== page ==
James Bond Never Dies

We're deep into the fifth decade of James Bond movies, and up to 23 installments: the longest, most successful franchise in film history. Mazel tov! At this point, does it really matter that the high of "Goldfinger" was followed by the waterlogged disappointment of "Thunderball," or that the overproduced "Moonraker" failed to live up to the splendid delirium of "The Spy Who Loved Me"? For most of our lives, a Bond movie was as inevitable, and as anticipated, as Christmas morning. As you got older, you may have outgrown your excitement (like ceasing to believe in Santa Claus), but even when the individual movies disappointed, there was the pleasure of watching a new generation discovering the delights of the dapper superspy.

When "Dr. No" came out in 1962, we hadn't seen anything quite like it. It was the height of the cold war, JFK (whose favorite pulp writer was Ian Fleming) had infused political power with style and libido, and American movie audiences were looking overseas—toward an about-to-be swinging London—for role models. Agent 007's cosmopolitan swagger made him the perfect fantasy figure for male pipe dreams and women's erotic projections, urbanity and machismo rolled into one well-tailored package. The Bond movies also coincided with middle-class America's newfound passion for travel. Cinematic tourism was always an essential part of the formula: "From Russia With Love" took us to Istanbul, "You Only Live Twice" to Japan, and every movie since has mixed thrills with travelogue.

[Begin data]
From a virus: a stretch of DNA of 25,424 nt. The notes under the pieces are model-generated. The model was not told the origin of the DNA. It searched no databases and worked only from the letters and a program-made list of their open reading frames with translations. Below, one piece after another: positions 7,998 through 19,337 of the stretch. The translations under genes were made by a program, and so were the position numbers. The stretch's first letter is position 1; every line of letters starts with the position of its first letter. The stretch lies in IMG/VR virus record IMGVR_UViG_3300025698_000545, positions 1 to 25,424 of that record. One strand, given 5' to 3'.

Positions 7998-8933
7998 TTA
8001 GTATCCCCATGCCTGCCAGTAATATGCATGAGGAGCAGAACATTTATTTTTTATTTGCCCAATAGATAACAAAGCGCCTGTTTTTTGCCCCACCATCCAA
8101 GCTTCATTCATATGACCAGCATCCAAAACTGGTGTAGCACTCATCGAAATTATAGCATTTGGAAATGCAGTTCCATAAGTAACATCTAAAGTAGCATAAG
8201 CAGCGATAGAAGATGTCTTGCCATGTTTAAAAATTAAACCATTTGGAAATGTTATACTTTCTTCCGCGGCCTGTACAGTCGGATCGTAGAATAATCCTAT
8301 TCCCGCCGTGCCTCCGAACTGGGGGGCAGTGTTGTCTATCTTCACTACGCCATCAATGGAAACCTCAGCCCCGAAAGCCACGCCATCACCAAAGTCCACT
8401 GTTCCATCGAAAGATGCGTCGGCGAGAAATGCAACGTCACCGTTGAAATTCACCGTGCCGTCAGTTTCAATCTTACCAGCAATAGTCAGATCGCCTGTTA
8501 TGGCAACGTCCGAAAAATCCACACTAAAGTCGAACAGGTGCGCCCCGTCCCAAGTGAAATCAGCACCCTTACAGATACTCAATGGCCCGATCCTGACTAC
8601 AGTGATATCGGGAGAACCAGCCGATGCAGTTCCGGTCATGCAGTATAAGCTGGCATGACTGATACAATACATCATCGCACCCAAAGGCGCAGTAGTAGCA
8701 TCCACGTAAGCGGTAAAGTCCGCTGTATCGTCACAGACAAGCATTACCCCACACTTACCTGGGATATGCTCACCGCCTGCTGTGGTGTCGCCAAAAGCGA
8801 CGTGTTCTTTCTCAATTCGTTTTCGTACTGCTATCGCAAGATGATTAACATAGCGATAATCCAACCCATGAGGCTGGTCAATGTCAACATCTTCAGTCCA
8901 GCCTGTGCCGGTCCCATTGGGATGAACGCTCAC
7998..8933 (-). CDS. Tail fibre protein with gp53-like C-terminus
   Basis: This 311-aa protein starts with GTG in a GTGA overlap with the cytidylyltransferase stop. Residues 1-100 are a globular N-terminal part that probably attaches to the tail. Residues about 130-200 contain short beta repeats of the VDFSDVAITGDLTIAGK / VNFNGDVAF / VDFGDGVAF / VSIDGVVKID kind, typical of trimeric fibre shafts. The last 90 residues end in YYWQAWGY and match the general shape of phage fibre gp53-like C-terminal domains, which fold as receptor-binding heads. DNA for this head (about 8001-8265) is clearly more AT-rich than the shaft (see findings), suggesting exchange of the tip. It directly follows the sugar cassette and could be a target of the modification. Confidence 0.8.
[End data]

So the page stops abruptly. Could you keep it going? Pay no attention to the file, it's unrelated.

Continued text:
But five decades later, we'd seen plenty of the world, and plenty of movies like "The World Is Not Enough" and "Die Another Day." By this point in movie history, overproduced cliffhangers are a dime a dozen, and the CGI revolution has made it possible for anyone with a good-size budget to outdazzle the gravity-defying stunts that made the pre-credits sequences of Bond movies special. Trying to keep up with the new FX-ridden superhero franchises, the Bond movies became desperate and decadent. Invisible cars? Those belonged in a sci-fi movie, not an Ian Fleming adventure. In those final Pierce Brosnan go-rounds, the wonder, and the credibility, got a little frayed. The filmmakers tried to give Bond a postmodern self-consciousness about his anachronistic style—it wasn't easy being a world-class womanizer with a license to kill in the era of political correctness—but making jokes about his own sexism wasn't enough to overcome the feeling that The Commander had become a bit old hat.

And then came Daniel Craig. "Casino Royale" pumped fresh (and real) blood into the series, scraping away the barnacles of camp and gadgetry and replacing the stale air of a Hugh Hefner bachelor party with Craig's urgent, contemporary virility. He marked his turf with a memorable retort in a Bahamian casino, when asked if he'd like his martini shaken or stirred. "Do I look like I give a damn?"